Anyone can learn to create impressionist photographs and do it well. All needed is the correct information presented in the right way. Your images are merely a reflection of how advanced are your skills of observation and your technical abilities.
Becoming good at something takes a lot more than just talent. It takes hard work. All successful artists have one thing in common. They spent their time practising and experimenting.
“I might not know how to do it……Yet”
To stretch and grow, you must expand your horizons. Try techniques and approaches that you have never used before. Practice. If you make mistakes, learn from them. Try new solutions. Be flexible. Remember, one idea often leads to another and another.
As Thomas Edison himself said:
“If I find ten thousand ways something won’t work, I haven’t failed. I’m not discouraged because every wrong attempt discarded is another step forward.”
Give yourself permission to be creative in ways that please you instead of trying to please others.
The process of creatively expressing or interpreting an idea often seems overwhelming. It takes commitment to learning techniques and working on exercises. But the more you practice and use your skills, the more confidence you gain.
When you find yourself stuck, stop for a moment and analyse the situation.
Perhaps an external condition causing you distractions and a loss of concentration? Are you tired or experiencing a lot of stress? Have you criticised yourself for not doing as well as you would like?
Try some relaxation exercise of words of self-affirmation, which often help.
From there, try to approach your photoshoot from a different direction. Don’t rush. Think it through. Study your subject before you start. Take your time and enjoy the process.
Just observe the colours, highlights, shadows and shapes. Observation not only will improve your photography, but you will begin to see the world around you in a richer, more detailed manner. You are now on the way to developing your own way of seeing and expressing yourself. Do things that you have not done before or differently than previously.
When choosing your subject, select something that interests you or relates to something you love. When you work on a subject you like, the creative process is more enjoyable. Think about your subject and envision and try it in various techniques, lighting conditions, points of view.
There is no right or wrong here. Choose a composition that expresses your interpretation or convey the idea or mood. Experience the freedom of finding an idea, exploring it and expressing it.
So how the creative process may look like in practice?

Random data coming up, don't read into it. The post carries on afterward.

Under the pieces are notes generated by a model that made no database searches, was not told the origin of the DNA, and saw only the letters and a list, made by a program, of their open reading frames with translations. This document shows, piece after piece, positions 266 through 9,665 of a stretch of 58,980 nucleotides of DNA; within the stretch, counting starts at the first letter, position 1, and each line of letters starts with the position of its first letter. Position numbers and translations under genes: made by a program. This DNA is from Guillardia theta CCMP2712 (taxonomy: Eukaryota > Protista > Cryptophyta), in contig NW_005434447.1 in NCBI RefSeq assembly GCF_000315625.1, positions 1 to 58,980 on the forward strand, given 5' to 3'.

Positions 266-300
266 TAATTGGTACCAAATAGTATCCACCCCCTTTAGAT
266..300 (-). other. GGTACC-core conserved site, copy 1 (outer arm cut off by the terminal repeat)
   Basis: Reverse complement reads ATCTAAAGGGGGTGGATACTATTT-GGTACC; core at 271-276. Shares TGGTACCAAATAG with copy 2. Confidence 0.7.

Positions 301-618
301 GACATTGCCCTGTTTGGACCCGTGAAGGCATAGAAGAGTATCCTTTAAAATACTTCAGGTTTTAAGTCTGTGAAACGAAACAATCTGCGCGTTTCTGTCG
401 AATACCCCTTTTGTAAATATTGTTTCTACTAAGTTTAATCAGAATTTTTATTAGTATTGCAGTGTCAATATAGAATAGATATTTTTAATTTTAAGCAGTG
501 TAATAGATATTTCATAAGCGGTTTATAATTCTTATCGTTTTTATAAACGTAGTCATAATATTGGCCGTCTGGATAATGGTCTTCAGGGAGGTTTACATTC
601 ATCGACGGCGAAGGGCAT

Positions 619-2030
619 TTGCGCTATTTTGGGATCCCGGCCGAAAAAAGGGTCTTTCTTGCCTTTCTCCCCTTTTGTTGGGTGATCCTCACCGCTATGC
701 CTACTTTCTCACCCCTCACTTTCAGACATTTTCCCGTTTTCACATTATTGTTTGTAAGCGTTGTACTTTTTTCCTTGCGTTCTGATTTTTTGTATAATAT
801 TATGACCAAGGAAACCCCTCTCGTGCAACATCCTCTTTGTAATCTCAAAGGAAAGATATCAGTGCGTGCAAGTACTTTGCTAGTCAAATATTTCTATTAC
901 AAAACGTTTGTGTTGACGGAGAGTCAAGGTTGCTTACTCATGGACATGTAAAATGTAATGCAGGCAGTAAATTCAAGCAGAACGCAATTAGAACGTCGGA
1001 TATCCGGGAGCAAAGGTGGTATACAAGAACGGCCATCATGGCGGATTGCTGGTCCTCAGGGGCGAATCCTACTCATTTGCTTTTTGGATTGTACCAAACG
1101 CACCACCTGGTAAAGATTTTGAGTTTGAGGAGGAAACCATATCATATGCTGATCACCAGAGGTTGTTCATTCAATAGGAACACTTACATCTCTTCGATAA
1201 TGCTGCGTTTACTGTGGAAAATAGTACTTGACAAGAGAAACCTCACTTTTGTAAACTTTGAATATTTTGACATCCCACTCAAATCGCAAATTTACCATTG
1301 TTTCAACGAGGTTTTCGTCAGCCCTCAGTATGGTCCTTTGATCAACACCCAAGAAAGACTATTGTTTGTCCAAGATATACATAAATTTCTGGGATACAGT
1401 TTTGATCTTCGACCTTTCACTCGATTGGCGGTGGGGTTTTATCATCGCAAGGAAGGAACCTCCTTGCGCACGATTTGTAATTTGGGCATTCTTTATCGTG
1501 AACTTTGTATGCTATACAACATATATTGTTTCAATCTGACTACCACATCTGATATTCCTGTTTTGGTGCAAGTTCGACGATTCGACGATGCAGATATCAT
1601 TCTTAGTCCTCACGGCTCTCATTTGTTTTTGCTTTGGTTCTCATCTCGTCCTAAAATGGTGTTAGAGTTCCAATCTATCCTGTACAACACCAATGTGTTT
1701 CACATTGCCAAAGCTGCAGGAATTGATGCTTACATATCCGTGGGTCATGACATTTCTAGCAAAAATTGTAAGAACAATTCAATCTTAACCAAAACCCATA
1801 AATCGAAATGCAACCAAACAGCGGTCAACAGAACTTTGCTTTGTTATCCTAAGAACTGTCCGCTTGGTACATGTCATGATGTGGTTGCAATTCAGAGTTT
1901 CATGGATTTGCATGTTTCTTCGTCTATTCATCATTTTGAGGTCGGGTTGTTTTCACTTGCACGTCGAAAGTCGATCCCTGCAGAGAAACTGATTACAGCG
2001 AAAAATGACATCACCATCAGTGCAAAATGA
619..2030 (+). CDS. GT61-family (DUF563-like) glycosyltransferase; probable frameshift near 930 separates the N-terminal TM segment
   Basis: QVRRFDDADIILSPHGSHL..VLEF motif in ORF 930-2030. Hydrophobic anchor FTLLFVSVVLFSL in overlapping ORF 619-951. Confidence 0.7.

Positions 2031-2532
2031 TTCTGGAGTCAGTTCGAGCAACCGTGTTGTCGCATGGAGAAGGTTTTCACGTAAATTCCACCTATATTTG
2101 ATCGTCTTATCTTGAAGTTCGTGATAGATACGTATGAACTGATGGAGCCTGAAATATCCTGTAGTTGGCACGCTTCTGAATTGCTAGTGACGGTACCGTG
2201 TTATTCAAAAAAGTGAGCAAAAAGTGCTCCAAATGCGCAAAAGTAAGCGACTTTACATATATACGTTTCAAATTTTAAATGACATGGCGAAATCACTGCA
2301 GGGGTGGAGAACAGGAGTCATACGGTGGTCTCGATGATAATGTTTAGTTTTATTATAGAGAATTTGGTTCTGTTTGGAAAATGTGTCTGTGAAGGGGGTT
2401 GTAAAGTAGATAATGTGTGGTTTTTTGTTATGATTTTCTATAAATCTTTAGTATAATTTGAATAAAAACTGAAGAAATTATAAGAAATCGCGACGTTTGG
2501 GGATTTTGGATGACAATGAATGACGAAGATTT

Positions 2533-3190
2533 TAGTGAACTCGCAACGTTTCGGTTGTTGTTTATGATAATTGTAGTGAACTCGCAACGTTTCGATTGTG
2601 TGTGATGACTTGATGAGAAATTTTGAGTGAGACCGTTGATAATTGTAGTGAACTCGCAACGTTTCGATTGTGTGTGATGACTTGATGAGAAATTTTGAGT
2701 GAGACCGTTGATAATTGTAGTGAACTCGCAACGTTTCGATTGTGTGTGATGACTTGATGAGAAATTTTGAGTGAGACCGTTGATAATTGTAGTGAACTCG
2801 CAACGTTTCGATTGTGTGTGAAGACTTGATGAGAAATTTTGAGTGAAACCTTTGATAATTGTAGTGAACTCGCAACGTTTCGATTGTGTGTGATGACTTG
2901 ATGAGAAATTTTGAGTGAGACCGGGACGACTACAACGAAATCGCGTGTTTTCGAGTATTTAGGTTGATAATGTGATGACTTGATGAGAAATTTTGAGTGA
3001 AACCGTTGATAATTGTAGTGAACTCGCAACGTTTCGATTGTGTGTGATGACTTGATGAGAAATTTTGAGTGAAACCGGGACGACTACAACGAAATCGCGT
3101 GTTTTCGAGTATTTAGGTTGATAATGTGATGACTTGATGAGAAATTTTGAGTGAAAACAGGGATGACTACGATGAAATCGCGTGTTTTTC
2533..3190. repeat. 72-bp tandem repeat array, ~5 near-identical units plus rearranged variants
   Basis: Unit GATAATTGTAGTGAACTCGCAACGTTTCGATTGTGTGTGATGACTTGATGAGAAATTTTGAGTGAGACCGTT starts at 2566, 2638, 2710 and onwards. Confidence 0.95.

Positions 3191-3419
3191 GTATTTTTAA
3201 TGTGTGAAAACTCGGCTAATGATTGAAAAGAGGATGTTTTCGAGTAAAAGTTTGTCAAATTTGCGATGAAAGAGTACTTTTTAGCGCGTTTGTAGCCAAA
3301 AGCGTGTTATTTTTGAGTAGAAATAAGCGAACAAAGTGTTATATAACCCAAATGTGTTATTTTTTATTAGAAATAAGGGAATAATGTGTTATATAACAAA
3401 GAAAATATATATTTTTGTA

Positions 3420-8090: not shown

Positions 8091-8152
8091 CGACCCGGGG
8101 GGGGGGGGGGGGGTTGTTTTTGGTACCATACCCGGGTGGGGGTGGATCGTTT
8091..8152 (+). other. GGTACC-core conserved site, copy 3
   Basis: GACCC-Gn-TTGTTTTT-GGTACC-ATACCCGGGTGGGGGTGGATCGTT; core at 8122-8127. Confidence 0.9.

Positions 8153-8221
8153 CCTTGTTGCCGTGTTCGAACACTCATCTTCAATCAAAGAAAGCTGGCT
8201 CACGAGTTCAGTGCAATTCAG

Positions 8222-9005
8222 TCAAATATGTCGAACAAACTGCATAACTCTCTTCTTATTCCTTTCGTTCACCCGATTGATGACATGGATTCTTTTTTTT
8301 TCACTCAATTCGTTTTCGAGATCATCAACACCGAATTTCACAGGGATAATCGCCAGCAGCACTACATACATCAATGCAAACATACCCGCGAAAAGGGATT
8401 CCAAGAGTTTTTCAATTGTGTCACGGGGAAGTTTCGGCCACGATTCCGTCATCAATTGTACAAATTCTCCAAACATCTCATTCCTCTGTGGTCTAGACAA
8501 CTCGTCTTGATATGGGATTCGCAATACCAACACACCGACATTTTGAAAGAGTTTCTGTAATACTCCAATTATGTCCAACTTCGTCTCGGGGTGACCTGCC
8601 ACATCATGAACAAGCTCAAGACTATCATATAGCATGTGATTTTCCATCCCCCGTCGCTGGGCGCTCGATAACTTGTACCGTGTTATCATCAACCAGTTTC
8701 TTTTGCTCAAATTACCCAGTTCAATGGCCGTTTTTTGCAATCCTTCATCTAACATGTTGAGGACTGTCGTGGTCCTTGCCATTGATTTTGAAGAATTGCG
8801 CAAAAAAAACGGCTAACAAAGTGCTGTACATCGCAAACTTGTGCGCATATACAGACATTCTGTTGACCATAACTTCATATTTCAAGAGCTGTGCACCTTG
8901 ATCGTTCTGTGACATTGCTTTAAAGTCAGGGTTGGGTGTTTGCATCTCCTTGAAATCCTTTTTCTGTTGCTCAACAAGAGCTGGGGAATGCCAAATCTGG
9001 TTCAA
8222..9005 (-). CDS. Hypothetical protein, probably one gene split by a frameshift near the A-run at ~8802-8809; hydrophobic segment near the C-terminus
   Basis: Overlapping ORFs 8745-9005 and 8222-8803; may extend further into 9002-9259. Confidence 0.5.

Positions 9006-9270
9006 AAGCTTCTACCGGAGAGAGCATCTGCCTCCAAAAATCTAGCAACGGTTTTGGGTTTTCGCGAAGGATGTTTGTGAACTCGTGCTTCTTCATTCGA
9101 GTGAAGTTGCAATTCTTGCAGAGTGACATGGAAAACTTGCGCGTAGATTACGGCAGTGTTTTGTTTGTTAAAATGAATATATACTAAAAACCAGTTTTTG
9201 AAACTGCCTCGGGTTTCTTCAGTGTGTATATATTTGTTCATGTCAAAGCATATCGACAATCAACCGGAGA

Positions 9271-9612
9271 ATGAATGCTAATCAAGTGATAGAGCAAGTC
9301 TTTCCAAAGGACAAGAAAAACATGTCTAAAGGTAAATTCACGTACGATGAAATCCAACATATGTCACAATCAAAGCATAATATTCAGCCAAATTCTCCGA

For me, impressionist photography is an expressive style that can produce quiet and reflective images or bold and dramatic. My aim is to photograph something beautiful, something that brings joy. On my photoshoots, I never go looking for a specific subject. I rely on exploring, examining and experiencing, always being receptive to any ideas that present themselves.
The result I wish to achieve will depend upon the subject and the technique I choose. I experiment a lot. I seek and enjoy happy accidents and unexpected discoveries. I determine the idea or mood by using the expressive power of light, colour and shapes.
I keep in mind that I’m photographing the effect of light on the subject. Every image I take is based on an understanding of the light that forms the image. As an artist, I have the power to make ordinary subjects extraordinary. I can manipulate the light for subtle or dramatic effects.
With composition, I aim to simplify the image.
I review and study my images to determine what works and what does not.
For me, there is no more incredible thrill than discovering a fascinating and inspirational subject and being able to capture my thoughts and feelings about it in the form of an impressionist image. Photography is a beautiful form of self-expression.
“All the best ideas come out of the process: they come of the work itself”
Things to remember
- Enjoy your creative process
- There is no right and wrong in art
- Every decision you make has technical and aesthetic results, and those results are your choice
- Confidence comes with practice, experience, and familiarity with your equipment, photographic techniques, and visual language.
- Do not be disappointed if you are not happy with your images. Think about why it does not work and how can it be improved. It is all experience.
- Photograph from your heart, not from your mind
- Try not to set your aim too high; allow time for your progress.